The plastic frame is charcoal gray

Open back, back mesh covered ovals surround the ear

Soft black cloth covers the head and ear pads

The 10' plastic cord has a standard 0.25-inch jack. It is Y shaped, from below the knot of your tie to the ear pieces. The cord detaches.


Fit And Feel
The 650s do not look or feel like cans that are four times the price of my goofy looking ATH-A700 wings. The ovals fit onto the head snugly. The construction is traditional: a simple strap across your dome. The frame appears sturdy, built well enough to last a long time, but not as solid and beefy as the Koss Pros I coveted as teenager. The 650s are open-back design, meaning that sound escapes, making them less than perfect for the gray rabbit warren of cubicles where I most often toil in silence. The 650s’ weight is similar to my Audio-Technica wings. They are comfortable for a time, yes, but after a movie, your ears feel relieved just to be free of their snug embrace.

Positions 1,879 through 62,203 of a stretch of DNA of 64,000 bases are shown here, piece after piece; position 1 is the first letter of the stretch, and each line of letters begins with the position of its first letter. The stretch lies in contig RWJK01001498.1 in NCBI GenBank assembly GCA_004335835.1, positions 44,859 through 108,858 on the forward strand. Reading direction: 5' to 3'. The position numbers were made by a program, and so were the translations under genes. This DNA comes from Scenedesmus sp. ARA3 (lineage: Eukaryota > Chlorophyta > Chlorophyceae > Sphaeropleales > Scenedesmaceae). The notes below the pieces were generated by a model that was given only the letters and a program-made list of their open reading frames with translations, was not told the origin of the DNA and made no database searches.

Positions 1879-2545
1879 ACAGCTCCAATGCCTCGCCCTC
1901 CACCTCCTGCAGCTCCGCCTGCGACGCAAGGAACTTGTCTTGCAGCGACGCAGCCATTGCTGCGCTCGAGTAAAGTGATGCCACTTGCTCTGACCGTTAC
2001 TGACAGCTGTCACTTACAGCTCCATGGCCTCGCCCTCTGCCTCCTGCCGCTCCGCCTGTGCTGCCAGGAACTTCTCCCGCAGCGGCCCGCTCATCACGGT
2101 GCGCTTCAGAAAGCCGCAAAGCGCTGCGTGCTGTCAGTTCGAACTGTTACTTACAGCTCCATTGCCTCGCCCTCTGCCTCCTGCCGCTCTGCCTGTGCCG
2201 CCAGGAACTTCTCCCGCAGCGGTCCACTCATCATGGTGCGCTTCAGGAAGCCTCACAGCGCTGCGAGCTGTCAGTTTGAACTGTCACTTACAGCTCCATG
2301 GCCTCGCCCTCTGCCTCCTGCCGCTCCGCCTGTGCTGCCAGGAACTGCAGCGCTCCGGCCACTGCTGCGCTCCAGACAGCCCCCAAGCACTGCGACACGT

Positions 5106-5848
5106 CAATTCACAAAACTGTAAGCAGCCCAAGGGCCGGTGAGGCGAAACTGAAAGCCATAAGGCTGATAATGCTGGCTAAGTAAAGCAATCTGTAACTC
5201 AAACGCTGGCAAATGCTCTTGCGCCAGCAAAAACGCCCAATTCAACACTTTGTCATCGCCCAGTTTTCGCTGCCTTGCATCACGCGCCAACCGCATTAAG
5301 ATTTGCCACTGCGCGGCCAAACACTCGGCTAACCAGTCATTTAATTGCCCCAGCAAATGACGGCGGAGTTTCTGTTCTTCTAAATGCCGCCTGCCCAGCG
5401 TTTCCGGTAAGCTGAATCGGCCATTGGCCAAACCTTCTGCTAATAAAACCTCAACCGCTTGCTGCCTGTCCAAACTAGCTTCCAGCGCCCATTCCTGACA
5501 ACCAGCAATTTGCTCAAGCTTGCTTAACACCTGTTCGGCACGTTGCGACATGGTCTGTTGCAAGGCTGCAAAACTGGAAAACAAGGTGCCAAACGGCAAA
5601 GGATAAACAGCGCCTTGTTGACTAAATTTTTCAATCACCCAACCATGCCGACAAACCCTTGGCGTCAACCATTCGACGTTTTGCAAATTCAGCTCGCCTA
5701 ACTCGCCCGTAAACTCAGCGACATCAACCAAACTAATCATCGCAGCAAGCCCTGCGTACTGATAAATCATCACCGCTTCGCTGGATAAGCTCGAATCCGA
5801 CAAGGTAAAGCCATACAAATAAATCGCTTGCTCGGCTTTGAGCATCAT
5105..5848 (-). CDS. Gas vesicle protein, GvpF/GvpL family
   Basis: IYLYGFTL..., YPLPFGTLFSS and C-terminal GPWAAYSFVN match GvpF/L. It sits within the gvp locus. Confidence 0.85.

Yes, I did experience the dreaded "Sennheiser jiggle," where the Y connection cord becomes just loose enough at the earpiece to lose sound in one channel. The first time led to a frustrating equipment check to find the cause. It never happened again because I constantly checked to make sure the Y-cord was tight against the earpieces. HeadRoom makes a balanced XLR (multi-pin) cord available with the 650s for another $150 more.

The left and right side of the cans are marked with an “L” and an “R.” Better yet, the left side has three Braille bumps where the yoke meets the headband to indicate proper direction. Reversing the L and R sides does not dramatically alter the soundstage, though the 650s fit better when worn properly.